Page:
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Looking for keyboard suggestions!

Discussion in 'Recording' started by brooke, Oct 5, 2005.

  1. brooke

    brooke Guest

    I'm a beginner looking for a decent keyboard that isn't TOO expensive (under $300 US). I want it to be portable, decent sounding and have at least 61 keys. I want to use it away from the computer but I'd also like MIDI capabilities for when I get comfortable enough to lay down piano/synth tracks in my home recorded music.

    What are some decent brand names to shop for?

    I've heard Yamaha and Roland are good. I'd probably go for one of the M-Audio MIDI keyboards except that I want stand-alone capabilities so I can jam at a friend's house with it (he doesn't have a computer).

    Can you offer up a few specific models?

    Thanks!
     
  2. pr0gr4m

    pr0gr4m Well-Known Member

    The portable keyboards these days have a "standard" set of sounds including percussion. They generally have some sort of rhythm device for producing beats or backing chords/melodies. They also have MIDI capabilities for use with any other midi device. Their sounds are just OK and they are not editable. These things are like the big home organs of yesteryear.

    An actual Synth will allow for editing of sounds will generally not include a built in rhythm machine and should have more midi capabilities.
    Some (workstations) can include sequencers and drum sounds. There is a wide variety of synths out there and choosing the right one isn't easy. It depends on what type of sounds and functionality you want.

    There are plenty general purpose synths out there that all pretty much do the same thing. They have a stanadard set of sounds then have some other more distinctive sounds. Then there are synths that would seem to have a more specific used whether it be for electronic music or whatever.

    At any rate, for your price range, if you want a decent synth, I think you are going to have to buy one used.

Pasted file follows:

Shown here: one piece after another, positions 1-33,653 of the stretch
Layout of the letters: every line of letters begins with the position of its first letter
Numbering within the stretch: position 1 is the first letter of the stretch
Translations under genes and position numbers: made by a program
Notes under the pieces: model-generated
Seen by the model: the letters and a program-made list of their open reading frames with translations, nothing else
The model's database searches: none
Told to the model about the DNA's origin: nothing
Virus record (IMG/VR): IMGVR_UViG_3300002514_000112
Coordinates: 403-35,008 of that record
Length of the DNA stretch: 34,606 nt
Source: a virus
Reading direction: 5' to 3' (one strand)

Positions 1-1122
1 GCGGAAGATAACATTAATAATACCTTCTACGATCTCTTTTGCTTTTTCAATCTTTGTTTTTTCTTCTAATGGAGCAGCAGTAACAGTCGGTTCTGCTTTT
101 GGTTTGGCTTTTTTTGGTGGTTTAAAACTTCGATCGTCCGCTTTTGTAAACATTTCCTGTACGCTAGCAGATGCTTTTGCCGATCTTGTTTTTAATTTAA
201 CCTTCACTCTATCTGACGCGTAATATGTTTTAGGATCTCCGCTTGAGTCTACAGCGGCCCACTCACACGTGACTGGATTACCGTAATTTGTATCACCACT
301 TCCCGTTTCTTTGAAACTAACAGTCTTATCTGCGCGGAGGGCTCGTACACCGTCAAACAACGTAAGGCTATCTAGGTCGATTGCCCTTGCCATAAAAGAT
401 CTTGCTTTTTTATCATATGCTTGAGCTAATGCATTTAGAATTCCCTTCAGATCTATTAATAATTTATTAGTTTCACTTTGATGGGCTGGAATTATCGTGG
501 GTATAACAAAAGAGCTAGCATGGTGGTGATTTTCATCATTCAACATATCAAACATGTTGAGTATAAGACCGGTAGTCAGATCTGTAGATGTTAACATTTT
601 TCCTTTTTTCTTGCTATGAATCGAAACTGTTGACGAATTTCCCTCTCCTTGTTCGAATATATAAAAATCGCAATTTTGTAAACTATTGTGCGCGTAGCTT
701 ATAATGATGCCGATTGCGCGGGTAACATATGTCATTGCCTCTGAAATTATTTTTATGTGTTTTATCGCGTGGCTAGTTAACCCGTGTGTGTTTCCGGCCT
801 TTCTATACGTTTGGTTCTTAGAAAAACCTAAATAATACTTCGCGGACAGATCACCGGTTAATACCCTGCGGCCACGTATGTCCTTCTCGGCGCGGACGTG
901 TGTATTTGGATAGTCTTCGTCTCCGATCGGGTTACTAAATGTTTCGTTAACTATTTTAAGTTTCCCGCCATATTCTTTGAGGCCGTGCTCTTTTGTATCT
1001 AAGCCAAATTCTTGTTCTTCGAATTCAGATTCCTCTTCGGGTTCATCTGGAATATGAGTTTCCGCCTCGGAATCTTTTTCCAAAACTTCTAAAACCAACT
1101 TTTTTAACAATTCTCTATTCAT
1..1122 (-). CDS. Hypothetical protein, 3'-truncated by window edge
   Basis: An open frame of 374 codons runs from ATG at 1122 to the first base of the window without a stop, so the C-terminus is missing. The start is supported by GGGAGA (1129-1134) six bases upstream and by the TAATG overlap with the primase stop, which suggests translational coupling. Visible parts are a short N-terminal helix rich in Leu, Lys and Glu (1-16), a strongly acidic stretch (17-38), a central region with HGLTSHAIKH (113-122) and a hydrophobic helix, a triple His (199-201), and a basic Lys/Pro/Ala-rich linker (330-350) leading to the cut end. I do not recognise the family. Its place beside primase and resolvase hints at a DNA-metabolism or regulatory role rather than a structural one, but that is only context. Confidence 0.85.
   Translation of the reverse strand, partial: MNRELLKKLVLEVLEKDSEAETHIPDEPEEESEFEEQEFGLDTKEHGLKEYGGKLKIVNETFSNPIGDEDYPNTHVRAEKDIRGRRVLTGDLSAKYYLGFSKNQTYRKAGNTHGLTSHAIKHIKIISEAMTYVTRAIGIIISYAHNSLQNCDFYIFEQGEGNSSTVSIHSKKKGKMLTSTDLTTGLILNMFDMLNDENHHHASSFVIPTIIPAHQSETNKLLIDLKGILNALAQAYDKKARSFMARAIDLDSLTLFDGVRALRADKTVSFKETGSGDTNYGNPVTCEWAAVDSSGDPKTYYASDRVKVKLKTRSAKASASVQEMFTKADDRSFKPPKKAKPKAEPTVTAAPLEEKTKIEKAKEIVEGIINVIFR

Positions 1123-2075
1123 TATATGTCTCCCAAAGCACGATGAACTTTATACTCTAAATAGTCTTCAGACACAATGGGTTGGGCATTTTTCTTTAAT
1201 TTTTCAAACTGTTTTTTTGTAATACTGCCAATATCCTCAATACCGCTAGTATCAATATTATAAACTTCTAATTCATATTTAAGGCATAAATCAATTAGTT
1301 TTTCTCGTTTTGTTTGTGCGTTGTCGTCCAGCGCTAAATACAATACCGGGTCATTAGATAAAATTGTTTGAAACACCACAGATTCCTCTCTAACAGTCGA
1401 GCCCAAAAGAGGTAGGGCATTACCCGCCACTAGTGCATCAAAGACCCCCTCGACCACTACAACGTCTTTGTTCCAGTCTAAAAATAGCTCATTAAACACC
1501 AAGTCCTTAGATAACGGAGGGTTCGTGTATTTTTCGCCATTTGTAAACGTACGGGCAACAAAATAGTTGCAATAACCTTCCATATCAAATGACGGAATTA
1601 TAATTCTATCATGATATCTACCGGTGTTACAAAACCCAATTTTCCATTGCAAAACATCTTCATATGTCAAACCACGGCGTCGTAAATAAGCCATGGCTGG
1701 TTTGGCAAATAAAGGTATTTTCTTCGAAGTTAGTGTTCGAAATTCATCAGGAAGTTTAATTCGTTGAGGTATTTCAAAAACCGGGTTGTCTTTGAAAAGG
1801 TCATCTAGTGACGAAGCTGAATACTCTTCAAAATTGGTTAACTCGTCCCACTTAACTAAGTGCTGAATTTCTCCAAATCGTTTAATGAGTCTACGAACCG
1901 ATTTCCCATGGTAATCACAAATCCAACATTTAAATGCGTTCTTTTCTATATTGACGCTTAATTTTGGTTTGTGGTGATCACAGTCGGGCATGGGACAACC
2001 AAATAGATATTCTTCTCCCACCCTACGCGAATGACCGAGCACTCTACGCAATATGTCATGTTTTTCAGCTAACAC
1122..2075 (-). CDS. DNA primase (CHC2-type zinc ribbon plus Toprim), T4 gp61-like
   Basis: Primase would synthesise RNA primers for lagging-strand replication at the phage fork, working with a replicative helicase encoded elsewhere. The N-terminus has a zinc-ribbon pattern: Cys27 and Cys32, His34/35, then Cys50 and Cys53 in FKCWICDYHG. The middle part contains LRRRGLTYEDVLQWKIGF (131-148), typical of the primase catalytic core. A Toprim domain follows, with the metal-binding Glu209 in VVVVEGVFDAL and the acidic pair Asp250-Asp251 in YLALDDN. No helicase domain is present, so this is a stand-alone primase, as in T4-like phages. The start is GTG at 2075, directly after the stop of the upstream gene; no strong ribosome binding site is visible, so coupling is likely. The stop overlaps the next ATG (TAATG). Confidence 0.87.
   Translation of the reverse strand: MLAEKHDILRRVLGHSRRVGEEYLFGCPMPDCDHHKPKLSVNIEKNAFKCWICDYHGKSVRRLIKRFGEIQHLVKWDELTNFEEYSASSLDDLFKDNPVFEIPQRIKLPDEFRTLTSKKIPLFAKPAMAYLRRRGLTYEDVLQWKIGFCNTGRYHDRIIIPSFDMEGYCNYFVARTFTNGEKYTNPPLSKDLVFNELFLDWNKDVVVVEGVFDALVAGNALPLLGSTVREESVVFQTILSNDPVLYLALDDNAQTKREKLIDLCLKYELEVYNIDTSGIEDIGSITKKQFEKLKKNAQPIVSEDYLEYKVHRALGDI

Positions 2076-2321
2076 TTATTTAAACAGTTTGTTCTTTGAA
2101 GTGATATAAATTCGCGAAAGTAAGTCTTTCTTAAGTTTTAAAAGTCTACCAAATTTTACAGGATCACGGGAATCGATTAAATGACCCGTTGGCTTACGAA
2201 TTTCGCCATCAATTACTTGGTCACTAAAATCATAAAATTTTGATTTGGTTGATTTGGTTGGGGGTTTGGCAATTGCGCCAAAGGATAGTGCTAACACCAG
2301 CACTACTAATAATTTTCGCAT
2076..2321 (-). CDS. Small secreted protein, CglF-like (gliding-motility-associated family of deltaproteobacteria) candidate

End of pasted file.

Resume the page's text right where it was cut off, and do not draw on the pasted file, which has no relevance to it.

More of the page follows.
3. brooke

    brooke Guest

    When we talk about Synth we're talking about something like a Moog right? In popular music bands like the Killers or Moby would be using a Synth over a MIDI/Electric keyboard right?

    For a beginner not even accustomed to proper chords on piano, what would you suggest?

    Thanks!
     
  4. vividsonics

    vividsonics Guest

    Well, unfortunately you won't be able to find anything like a Moog in the around $300 price range. Most of the keyboards (or synths) you're looking at in that price range NEW are your typical Casio or Yamaha "Home" keyboards with the built in speakers etc. If you're going for sounds like the artists you named a new keyboard probably wouldn't get you where you want to be. There are options in the used market that might get you there. Something used like a Korg X5D or an Alesis QS6 (or QS6.1) might be an option (among others).

    Some features to look for:

    Polyphony- usually expressed in "voices" for example "64 voices of polyphony". It means how many notes can sound simultaneously before notes get cut off.

    MIDI In/Out/Thru- 5 pin connectors that allow your synth to communicate with other MIDI devices and computers

    Velocity Sensitive Keys- also called "touch sensitive". The notes sound louder or different the harder you strike the keys (enables more realistic performance)

    Multitimbral- When connected to a sequencer or computer, you can assign MIDI channels "like tracks" so that you can have several parts play at once. For example 16 part multitimbral means you can have 16 "tracks" play at once (within polyphony restrictions)

    You probably want to make sure you can edit and store user presets because you'll want to make your own sounds too. I hope this information helps you out.
    Good Luck!
     
  5. pr0gr4m

    pr0gr4m Well-Known Member

    I'd look for an old Roland, Korg or Yamaha. When I say old I don't mean something from the 60's, 70's or 80's. I mean something that is a few years old.

    Here are some models to look for. New, they may be a bit out of your range.

    These are new synths that are close to your price range.
    Korg XD-5
    Roland Juno-D
    Yamaha S03

    I found these on Ebay with some attractive prices.
    Alesis qs6
    Korg N5EX
    Korg N5
    Roland XP30
    Roland rs-5
    Yamaha CS1x

    Any of these should fit your needs. On Ebay just search for the brand and the word synth and have a look around. If you find one you are interested in, and have some questions let us know.
     
  6. kelly644

    kelly644 Guest

    Options for 300 and under: